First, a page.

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Is your teen driving you crazy with their attitude and angry responses? –or– Are you worried your teen is unhappy and withdrawing from life?
The adolescent years are especially challenging for both teens and their parents. Hormones kick-in, contributing to unexpected behaviors and mood swings. The teenage brain is itself developing, but does not reach its adult state for several years after adolescence. (For a great Frontline documentary on the mysteries of the teenage mind, watch "Inside the Teenage Brain").
Psychologically, teens are challenged against the pull back to childhood attitudes, and the push toward an adult frame they are not yet able to meet. This can bewilder parents who may long for the simple affection and esteem they enjoyed from their younger child, but who now seems to disdain their very existence!
Of course, sometimes the opposite problem is in play: a teen who seems to want to remain an obedient and clinging child- which can lead to "re-nesting" for decades to come. It may be more peaceful in the house now, but is perhaps a worse problem for the teen in that they don't become independent or individuated.
Losses Teens feel losses very deeply. Often, they are feeling all of life as intensely as perhaps they ever will, since its all so new, and so much challenging growth is going on physically, psychologically, and emotionally. So when a first love affair ends it can be devastating, and the loss of a beloved grandparent, or worse, a parent can have lasting effects if not worked through. With no tools or experience in dealing with strong feelings, a teen may turn to drugs (see below) or make other poor choices to try to deal with their pain.
Drugs Many adolescents turn to drugs to deal with emotions that are too strong, or are dealing with depression or anxiety that leaves them feeling worthless or hopeless. These underlying problems are the real issue, but of course getting off the drug quick-fix comes first. Often teens feel completely confident that "their" drug is the solution, and not part of the problem. Counseling may be needed to help them see the deeper problem and start the movement away from drug abuse or dependance. Parents can't always deal with drug issues directly, as the teen may also be using drugs as a way to rebel or become "independent" from the parent. On the other hand, the best tactic may include parents or other family members, and should be customized for your particular teen and family.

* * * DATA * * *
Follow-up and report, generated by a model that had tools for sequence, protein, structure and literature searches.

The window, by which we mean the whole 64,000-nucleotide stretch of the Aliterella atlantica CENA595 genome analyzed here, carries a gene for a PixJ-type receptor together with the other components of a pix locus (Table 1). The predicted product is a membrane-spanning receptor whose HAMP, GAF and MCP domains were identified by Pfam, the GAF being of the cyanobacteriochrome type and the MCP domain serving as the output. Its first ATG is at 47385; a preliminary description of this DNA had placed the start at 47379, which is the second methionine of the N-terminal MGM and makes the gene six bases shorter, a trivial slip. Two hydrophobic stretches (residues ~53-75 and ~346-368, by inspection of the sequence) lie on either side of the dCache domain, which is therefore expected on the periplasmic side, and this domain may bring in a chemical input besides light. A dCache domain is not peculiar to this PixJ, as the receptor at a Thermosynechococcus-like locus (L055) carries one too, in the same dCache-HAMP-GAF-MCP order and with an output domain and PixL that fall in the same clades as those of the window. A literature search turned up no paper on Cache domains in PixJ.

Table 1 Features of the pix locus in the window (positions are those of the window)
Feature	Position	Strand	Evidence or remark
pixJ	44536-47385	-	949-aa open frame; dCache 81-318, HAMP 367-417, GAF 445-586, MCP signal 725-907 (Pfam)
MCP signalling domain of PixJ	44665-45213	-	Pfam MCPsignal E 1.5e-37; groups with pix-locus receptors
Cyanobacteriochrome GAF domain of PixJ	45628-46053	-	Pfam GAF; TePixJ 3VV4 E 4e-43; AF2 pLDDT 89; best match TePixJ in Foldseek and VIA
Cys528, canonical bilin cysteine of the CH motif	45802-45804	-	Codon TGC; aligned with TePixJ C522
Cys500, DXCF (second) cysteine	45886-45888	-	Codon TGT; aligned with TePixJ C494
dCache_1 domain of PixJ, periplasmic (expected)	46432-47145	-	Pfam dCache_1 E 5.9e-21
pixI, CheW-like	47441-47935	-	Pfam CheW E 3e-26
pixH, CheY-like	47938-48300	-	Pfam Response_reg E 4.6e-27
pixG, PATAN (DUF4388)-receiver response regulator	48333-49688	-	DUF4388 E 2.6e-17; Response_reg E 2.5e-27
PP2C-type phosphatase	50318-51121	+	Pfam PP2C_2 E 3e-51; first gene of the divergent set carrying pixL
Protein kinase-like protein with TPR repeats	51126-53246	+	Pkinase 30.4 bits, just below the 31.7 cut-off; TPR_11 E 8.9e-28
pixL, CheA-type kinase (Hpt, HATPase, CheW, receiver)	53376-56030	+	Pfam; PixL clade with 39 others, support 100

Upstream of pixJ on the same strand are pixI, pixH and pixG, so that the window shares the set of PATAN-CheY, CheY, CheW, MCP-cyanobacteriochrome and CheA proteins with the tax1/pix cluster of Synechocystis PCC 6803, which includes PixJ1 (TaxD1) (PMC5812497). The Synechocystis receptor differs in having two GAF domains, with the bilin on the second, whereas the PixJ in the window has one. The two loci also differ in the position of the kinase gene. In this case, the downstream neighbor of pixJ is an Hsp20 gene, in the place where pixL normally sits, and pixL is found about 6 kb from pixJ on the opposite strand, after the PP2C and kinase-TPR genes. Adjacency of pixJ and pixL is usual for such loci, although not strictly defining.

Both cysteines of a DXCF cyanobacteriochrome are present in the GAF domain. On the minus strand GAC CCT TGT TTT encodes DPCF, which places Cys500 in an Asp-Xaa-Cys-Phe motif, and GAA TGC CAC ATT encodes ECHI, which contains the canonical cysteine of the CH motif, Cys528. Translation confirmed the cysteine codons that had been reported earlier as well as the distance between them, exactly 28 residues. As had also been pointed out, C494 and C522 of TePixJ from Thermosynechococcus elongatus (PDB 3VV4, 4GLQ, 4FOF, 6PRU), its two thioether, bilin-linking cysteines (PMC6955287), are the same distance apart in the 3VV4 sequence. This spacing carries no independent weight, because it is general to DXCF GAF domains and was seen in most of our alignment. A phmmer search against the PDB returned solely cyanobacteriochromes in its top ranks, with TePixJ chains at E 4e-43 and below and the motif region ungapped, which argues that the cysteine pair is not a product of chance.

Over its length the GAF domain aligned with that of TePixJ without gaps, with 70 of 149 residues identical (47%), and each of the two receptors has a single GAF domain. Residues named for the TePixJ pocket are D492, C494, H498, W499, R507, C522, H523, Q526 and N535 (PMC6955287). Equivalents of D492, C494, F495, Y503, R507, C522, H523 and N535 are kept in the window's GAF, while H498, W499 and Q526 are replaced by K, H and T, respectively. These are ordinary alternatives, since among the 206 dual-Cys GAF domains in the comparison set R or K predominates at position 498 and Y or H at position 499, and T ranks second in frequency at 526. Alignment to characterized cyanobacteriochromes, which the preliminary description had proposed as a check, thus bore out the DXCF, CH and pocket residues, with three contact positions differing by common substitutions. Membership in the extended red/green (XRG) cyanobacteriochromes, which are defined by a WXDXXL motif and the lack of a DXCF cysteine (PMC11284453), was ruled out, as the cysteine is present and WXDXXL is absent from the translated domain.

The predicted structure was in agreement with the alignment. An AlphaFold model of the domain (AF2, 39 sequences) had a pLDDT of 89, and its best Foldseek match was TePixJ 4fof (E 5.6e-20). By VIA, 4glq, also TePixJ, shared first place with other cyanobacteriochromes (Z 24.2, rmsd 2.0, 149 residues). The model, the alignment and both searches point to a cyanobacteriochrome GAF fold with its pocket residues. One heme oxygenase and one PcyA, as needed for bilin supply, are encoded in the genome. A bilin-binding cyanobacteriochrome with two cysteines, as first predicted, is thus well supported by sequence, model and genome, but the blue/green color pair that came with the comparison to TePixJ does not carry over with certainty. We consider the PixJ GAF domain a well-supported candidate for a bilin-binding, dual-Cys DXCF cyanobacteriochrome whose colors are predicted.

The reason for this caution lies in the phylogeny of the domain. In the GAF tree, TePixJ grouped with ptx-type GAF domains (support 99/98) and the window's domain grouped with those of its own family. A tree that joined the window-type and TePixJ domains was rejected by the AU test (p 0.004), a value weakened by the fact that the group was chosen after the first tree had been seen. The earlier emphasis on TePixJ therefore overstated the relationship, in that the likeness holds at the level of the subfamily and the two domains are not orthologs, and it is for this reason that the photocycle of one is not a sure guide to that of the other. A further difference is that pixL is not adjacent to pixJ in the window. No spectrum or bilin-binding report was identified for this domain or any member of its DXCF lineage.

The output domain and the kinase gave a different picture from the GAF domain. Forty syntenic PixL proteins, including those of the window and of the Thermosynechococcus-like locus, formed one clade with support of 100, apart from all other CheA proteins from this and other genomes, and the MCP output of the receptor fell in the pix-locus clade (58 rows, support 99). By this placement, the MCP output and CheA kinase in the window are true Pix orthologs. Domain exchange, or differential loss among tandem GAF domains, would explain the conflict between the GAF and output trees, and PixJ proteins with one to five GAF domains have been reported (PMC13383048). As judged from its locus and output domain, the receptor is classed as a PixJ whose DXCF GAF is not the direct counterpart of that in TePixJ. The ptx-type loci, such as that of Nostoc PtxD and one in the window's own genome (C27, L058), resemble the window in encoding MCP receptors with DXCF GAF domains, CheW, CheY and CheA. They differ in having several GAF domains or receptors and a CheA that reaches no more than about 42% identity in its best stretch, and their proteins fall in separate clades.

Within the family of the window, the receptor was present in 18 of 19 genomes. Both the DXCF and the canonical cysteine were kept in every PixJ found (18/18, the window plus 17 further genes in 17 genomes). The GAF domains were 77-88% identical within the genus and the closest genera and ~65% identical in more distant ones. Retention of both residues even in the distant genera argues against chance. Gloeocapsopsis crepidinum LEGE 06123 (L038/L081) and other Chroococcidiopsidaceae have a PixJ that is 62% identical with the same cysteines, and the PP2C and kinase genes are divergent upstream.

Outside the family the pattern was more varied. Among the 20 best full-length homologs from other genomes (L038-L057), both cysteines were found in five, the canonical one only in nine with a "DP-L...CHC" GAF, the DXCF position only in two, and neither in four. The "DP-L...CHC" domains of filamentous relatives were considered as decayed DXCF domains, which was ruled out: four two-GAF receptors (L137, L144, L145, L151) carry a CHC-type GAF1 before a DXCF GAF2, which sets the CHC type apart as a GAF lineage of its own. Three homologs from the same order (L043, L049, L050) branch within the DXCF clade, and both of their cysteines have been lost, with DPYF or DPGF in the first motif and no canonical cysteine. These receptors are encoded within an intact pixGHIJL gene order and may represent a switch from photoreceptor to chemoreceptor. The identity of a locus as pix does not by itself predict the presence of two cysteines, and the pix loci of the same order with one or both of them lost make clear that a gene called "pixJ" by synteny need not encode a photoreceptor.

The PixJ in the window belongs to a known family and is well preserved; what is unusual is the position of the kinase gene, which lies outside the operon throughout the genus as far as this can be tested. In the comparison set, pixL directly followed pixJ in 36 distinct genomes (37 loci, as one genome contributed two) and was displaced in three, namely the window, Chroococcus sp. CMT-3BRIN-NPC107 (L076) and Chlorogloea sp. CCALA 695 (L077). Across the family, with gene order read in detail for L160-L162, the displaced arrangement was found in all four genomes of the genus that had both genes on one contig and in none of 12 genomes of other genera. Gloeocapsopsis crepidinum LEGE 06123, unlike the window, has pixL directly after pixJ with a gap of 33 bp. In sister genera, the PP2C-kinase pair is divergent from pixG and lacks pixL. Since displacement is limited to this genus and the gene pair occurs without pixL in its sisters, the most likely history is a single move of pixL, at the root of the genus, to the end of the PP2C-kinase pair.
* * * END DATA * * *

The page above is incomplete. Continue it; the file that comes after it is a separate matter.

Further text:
What is a parent to do with these problems? I spent eight years working as a therapist exclusively with teens, both individually and in groups. I've gained a lot of insight into how teens see life and deal with the many challenges they face. I connect well with them, and they seem to trust me. I've learned a lot and came to appreciate my position as the outsider a teen can open up to, when they are so conflicted inside or in emotional pain. Teenagers find it easy to talk to me, and really appreciate having an adult to confide in, in complete confidence.
The need for confidentiality with teens is sometimes vitally important to them.
Note for parents of minors: As parents or guardians, you have the right to ask and know what goes on in therapy. However, I always ask that parents/guardians respect the privacy of the therapy (except for safety issues like those listed in FAQ) and realize that trust can be particularly difficult with teens, so the treatment should remain private. I also ask parents to discuss treatment with the child/teen present, so the communication is transparent to the teen. Usually parents will go along with this request.
If your teen seems to be making poor choices, is depressed or impulsive and aggressive- consider giving him or her the chance to work through some of these issues with an experienced teen therapist.
The information offered on this website is to be used for educational purposes only and not as a substitute for psychotherapy. Please consult a mental health professional to address your specific needs. If you are experiencing an emergency, call the San Diego Crisis & Access Line at 1-800-479-3339.